• Meet Sean R. Schuette, CMP, owner of Schuette On Duty Solutions
• Building relationships is key
• From live theatre to live events
Sean R. Schuette is celebrating his 18th year in the meetings and events industry. This native Minnesotan is the youngest of three boys who grew up in the shadow of the Jolly Green Giant in LeSeur. Sean knew early on that he loved singing and musical theatre. As he pursued his theatre major and communications minor at Luther College in Decorah, IA, he learned about and fell in love with stage management, which, as he put it, “is similar in many ways to the skillset needed for a meeting planner.
Sean is an asset to his local community and has been involved with his church production team for over a decade helping with everything from cameras, lighting, and production of large services. After years of working in tradeshow and association management, November 2016 saw a shift as Schuette on Duty Solutions, LLC was born and Sean became an independent planner.
Midwest Meetings: What was your first experience with the meetings/events industry?
Sean R. Schuette, CMP: My first experience with the industry was attending Affordable Meetings in Chicago at Navy Pier. It was a free event to attend and I was able to get my travel and hotel covered by my employer. I was a member of the MimList (now MiForum) at the time and had formed friendships through the discussions on the list. It was great to meet many of the people in person at both networking and educational sessions. I got to see firsthand the beauty that is the meetings industry, which at its core is all about relationships.
MM: Tell us about yourself and your job.
SRS: I have been on my own for a little over three months now and am continuing to build my client base. In my role prior to becoming an independent I worked with six association clients and helped them ensure success of their respective organizations. This came in the form of partnering with their board of directors, conference committees, and volunteers. I worked on an average of eight to ten programs a year both local to MN and national in reach.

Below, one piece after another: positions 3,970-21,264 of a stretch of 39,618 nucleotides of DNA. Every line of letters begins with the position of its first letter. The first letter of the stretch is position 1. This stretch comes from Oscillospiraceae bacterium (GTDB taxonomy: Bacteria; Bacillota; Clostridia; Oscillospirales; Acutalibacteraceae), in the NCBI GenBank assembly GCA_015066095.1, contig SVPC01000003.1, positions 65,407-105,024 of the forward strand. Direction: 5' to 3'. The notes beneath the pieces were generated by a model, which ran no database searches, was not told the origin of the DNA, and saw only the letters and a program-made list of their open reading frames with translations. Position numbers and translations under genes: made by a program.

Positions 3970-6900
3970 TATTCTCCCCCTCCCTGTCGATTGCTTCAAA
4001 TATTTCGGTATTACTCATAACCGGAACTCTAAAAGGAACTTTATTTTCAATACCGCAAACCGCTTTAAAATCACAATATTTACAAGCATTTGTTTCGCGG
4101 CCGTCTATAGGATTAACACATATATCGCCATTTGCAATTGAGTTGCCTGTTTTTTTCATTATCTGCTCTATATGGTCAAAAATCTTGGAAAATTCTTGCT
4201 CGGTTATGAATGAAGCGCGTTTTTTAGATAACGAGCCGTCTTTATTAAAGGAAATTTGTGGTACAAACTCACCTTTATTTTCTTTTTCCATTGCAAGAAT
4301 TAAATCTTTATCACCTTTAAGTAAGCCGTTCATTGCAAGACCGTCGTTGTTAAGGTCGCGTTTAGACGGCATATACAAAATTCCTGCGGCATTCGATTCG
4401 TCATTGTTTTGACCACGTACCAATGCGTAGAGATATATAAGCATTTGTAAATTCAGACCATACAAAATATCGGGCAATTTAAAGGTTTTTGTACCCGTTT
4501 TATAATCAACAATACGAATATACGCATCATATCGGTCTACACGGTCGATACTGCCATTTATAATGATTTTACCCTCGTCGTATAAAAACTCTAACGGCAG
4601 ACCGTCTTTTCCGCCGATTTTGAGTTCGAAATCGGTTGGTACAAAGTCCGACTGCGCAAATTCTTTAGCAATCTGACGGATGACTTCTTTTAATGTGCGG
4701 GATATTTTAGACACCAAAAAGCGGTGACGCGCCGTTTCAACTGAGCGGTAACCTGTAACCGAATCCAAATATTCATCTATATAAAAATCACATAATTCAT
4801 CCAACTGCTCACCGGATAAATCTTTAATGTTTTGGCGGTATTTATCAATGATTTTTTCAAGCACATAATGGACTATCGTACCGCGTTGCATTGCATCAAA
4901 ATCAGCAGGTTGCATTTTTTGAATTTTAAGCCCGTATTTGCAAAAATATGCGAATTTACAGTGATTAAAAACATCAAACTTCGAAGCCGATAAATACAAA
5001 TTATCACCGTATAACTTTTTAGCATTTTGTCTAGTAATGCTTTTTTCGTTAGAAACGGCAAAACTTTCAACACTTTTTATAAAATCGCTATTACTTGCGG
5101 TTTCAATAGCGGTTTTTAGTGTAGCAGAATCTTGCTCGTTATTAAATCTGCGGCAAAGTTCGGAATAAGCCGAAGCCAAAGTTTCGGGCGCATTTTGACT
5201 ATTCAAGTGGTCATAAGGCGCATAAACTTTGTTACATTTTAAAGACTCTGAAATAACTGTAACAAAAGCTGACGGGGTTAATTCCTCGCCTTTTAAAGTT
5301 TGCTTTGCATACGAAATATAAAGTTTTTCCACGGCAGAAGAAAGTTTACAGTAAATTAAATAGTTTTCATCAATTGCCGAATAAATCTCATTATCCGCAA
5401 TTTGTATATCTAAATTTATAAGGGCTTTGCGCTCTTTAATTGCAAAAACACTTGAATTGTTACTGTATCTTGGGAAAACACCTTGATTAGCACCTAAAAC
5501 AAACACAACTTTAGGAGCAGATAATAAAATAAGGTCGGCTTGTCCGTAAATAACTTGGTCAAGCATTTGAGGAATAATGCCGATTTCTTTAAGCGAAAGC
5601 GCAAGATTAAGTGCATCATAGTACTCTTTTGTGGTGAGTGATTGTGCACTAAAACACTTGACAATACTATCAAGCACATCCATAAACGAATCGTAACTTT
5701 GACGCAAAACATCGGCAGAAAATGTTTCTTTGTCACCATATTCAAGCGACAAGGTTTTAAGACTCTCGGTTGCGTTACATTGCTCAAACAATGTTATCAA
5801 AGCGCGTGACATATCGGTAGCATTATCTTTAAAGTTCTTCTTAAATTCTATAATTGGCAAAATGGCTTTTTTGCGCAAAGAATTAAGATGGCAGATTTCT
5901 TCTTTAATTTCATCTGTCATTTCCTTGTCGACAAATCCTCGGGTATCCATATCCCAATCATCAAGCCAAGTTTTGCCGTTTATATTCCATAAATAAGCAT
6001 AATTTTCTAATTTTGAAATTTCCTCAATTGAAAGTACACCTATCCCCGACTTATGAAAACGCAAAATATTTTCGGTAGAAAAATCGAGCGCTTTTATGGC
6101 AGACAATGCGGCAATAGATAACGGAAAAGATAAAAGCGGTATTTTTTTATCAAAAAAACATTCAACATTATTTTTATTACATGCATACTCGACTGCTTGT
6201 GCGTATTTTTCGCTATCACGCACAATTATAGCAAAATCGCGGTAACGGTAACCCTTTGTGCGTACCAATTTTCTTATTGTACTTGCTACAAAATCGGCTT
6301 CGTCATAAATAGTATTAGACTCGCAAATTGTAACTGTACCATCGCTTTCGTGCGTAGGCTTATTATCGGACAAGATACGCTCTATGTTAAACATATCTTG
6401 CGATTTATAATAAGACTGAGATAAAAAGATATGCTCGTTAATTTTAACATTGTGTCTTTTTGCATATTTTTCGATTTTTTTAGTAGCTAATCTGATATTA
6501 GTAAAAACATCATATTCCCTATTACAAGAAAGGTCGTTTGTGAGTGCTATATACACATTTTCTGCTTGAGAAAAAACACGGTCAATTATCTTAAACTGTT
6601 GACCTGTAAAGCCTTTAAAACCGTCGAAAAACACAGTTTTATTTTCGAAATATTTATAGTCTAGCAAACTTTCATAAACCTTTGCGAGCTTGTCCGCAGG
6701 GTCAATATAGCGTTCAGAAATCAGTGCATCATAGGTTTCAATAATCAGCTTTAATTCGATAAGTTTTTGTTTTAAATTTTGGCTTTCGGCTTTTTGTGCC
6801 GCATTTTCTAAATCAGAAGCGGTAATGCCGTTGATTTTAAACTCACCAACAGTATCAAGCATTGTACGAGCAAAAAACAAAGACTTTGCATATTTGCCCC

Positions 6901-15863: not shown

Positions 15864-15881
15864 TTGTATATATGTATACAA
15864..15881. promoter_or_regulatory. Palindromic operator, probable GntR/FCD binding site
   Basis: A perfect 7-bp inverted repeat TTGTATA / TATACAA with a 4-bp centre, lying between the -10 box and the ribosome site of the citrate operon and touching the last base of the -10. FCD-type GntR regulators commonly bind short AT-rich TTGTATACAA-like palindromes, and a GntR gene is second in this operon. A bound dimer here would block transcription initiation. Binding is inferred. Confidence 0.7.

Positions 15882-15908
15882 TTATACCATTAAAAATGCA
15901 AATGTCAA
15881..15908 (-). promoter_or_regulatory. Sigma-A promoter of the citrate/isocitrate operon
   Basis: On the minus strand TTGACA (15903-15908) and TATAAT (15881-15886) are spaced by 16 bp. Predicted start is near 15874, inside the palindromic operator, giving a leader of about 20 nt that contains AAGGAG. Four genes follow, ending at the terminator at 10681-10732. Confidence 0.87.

MM: What prompted you to obtain your CMP designation?
SRS: It was a goal of mine. I was 5 years into the industry and knew I needed enough experience, and at the time points on the application, to apply. It was another step and chapter forward in my journey in the industry and helped me embrace all that I had learned along the way. I remember the study group I attended, put on by MPI MN, as well as my exam day in Vegas in 2008. I still have my letter from the testing organization noting a “passing score” that I waited close to 10 weeks for after taking my test.
MM: What is your tried and true approach to clients?
SRS: I have learned it’s about being their partner. Going into conversations and meetings with the attitude that I am not the smartest person in the room and showing clients you hear them.
Clients entrust their meeting and their experience to you and your expertise. Partnering with them for success is the key time and time again, and often what causes them to stay with you and refer you.
SRS: I have had many great days, but one that is always close to my heart is the day I got to see a collaboration I was involved in for a speaker, and dear friend, come to life on the stage in front of nearly 2,000 people. I helped in the overall flow of the event, the images and music used, and how it would look to the attendee onstage during. It was again a confirmation of my producer’s heart in how I approach my work and the moments that are “the beauty of live theatre.”